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The fifth year of the Russian revolution
Image 13
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Cannon, James Patrick, 1890-1974. The fifth year of the Russian revolution - Image 13. 1923?. Special Collections, University of Houston Libraries. University of Houston Digital Library. Web. February 26, 2020. https://digital.lib.uh.edu/collection/scpamp/item/4083/show/4071.

Disclaimer: This is a general citation for reference purposes. Please consult the most recent edition of your style manual for the proper formatting of the type of source you are citing. If the date given in the citation does not match the date on the digital item, use the more accurate date below the digital item.

Cannon, James Patrick, 1890-1974. (1923?). The fifth year of the Russian revolution - Image 13. Socialist and Communist Pamphlets. Special Collections, University of Houston Libraries. Retrieved from https://digital.lib.uh.edu/collection/scpamp/item/4083/show/4071

Disclaimer: This is a general citation for reference purposes. Please consult the most recent edition of your style manual for the proper formatting of the type of source you are citing. If the date given in the citation does not match the date on the digital item, use the more accurate date below the digital item.

Cannon, James Patrick, 1890-1974, The fifth year of the Russian revolution - Image 13, 1923?, Socialist and Communist Pamphlets, Special Collections, University of Houston Libraries, accessed February 26, 2020, https://digital.lib.uh.edu/collection/scpamp/item/4083/show/4071.

Disclaimer: This is a general citation for reference purposes. Please consult the most recent edition of your style manual for the proper formatting of the type of source you are citing. If the date given in the citation does not match the date on the digital item, use the more accurate date below the digital item.

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Compound Item Description
Title The fifth year of the Russian revolution
Alternative Title The fifth year of the Russian revolution: a report of a lecture
Creator (LCNAF)
  • Cannon, James Patrick, 1890-1974
Contributor (LCNAF)
  • Workers Party of America
Publisher Workers Party of America
Place of Creation (TGN)
  • New York, New York
Date 1923?
Subject.Topical (LCSH)
  • Communism
  • Economics
  • History
Subject.Topical (Local)
  • Russian Revolution, 1917-1921
Subject.Geographic (TGN)
  • Soviet Union
Genre (AAT)
  • pamphlets
Language English
Type (DCMI)
  • Text
Original Item Extent 21 pages; 19 cm
Original Item Location DK265.C365 1923
Original Item URL http://library.uh.edu/record=b8304535~S5
Original Collection Socialist and Communist Pamphlets
Digital Collection Socialist and Communist Pamphlets
Digital Collection URL http://digital.lib.uh.edu/collection/scpamp
Repository Special Collections, University of Houston Libraries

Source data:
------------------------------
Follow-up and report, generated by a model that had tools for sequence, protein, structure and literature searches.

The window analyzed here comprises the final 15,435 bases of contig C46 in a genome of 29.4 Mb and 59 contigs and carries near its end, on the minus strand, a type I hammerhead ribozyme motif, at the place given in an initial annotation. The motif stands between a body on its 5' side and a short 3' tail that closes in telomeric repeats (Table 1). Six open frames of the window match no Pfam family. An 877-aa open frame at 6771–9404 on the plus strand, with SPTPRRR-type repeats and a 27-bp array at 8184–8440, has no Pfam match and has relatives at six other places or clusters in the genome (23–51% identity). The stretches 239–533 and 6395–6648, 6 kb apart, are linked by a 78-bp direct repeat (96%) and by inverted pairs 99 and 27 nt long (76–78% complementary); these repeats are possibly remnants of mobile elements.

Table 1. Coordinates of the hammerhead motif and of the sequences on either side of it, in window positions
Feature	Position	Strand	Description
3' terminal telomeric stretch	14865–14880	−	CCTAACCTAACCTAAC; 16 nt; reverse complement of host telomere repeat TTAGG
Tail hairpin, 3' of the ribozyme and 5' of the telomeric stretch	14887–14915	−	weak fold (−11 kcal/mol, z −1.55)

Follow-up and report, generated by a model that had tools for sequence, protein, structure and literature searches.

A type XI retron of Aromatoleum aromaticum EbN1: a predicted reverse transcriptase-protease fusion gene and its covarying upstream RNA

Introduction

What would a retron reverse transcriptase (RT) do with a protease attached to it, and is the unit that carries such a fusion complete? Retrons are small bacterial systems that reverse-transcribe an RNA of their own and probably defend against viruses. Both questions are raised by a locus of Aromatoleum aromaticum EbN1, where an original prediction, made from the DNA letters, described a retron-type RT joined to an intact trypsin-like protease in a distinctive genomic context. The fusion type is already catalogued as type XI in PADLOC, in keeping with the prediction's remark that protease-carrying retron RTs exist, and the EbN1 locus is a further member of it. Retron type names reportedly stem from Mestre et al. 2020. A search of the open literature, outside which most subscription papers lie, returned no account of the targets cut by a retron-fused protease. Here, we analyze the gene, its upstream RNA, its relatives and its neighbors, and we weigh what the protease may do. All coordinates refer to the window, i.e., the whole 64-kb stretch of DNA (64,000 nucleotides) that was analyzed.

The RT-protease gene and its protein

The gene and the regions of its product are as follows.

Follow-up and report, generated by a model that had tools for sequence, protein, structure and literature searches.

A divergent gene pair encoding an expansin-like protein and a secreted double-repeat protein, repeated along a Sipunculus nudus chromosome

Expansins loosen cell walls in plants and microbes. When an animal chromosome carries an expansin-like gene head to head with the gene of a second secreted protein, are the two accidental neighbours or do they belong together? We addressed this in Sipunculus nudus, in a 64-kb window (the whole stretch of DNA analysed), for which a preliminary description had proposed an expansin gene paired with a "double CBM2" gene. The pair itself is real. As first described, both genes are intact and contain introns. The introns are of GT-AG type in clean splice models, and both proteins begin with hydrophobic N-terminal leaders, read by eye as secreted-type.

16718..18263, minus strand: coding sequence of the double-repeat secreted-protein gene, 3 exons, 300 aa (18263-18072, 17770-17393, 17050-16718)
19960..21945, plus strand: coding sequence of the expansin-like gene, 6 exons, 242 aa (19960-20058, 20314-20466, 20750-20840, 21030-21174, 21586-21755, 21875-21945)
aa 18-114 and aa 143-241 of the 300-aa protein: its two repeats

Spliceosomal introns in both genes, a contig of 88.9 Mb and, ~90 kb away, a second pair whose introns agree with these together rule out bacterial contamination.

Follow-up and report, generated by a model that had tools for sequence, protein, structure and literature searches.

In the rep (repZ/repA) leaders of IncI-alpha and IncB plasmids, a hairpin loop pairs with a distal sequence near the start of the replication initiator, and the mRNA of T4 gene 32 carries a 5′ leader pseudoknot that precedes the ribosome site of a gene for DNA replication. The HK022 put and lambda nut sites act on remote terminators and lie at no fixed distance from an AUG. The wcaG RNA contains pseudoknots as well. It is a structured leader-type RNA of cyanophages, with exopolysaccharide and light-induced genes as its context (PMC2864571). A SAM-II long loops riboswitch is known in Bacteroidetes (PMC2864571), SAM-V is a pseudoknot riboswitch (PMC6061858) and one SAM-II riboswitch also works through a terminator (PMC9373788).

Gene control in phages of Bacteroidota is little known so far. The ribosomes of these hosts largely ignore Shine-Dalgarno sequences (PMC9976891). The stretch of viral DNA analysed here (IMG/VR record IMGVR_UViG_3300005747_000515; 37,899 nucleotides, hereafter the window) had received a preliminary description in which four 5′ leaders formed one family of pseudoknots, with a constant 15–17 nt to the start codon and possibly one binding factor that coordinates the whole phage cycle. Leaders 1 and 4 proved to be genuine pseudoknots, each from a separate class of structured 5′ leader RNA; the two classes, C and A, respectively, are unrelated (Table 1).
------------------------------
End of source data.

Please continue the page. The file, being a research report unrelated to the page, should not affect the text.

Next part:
Repository URL http://libraries.uh.edu/branches/special-collections
Use and Reproduction Public Domain: This item is in the public domain and may be used freely.
File Name index.cpd
Item Description
Title Image 13
Format (IMT)
  • image/jpeg
File Name uhlib_13403385_012.jpg
Transcript I never saw a strike in Soviet Russia and never heard of one taking place while I was there. But comrade Malnitchansky, the head of the Moscow trade unions, told me of a few that had occurred under his jurisdiction. In those cases all the methods and forms of industrial warfare familiar to European and American labor movements automatically developed, such as strike committees, pickets, strike benefits, etc. There had been rare cases, he told me, when unscrupulous employers had tried to operate the struck plant by means of ignorant peasants recruited from the villages. The Government gave no favor to this "freedom of contract" so popular with our own Government. And a visit from the pickets usually sufficed to convince the strike-breakers that they had better go back where they came from. I asked Comrade Melnitchansky if they had encountered any strike injunctions. He laughed and answered, "My dear comrade, you must understand that this is not America!" I attended the Fifth All-Russian Trade Union Congress. It is analogous to the national convention of the American Federation of Labor, but is was quite a different looking delegation from the sleek, fat, over-dressed "men of labor" who meet once a year under the chairmanship of Gompers. There were more than a thousand delegates present at this congress; and I saw only one man who appeared to be over weight. The Congress was held in the Moscow labor temple which, in the old days was the Nobles Club. It is a gorgeous place, with marble pillars, crystal chandeliers and gold leaf decorations. One could imagine that the "Nobles" had many a good time there in the "good old days." But, in the words of the comic strip artist, "Them days is over." The workers are the ruling class to-day and they have taken all the best places for their own purposes. I saw something at that Congress that never yet happened in America. Zinoviev and Rykof came to the Congress to make a report on behalf of the Government. I thought how natural it was, in a country ruled by the workers for the Government to report to the trade unions. It is just as natural as it is in America for the Government to report to the Chamber of Commerce. The same principle applies. Governments have the habit of reporting to those whom they really represent. The 13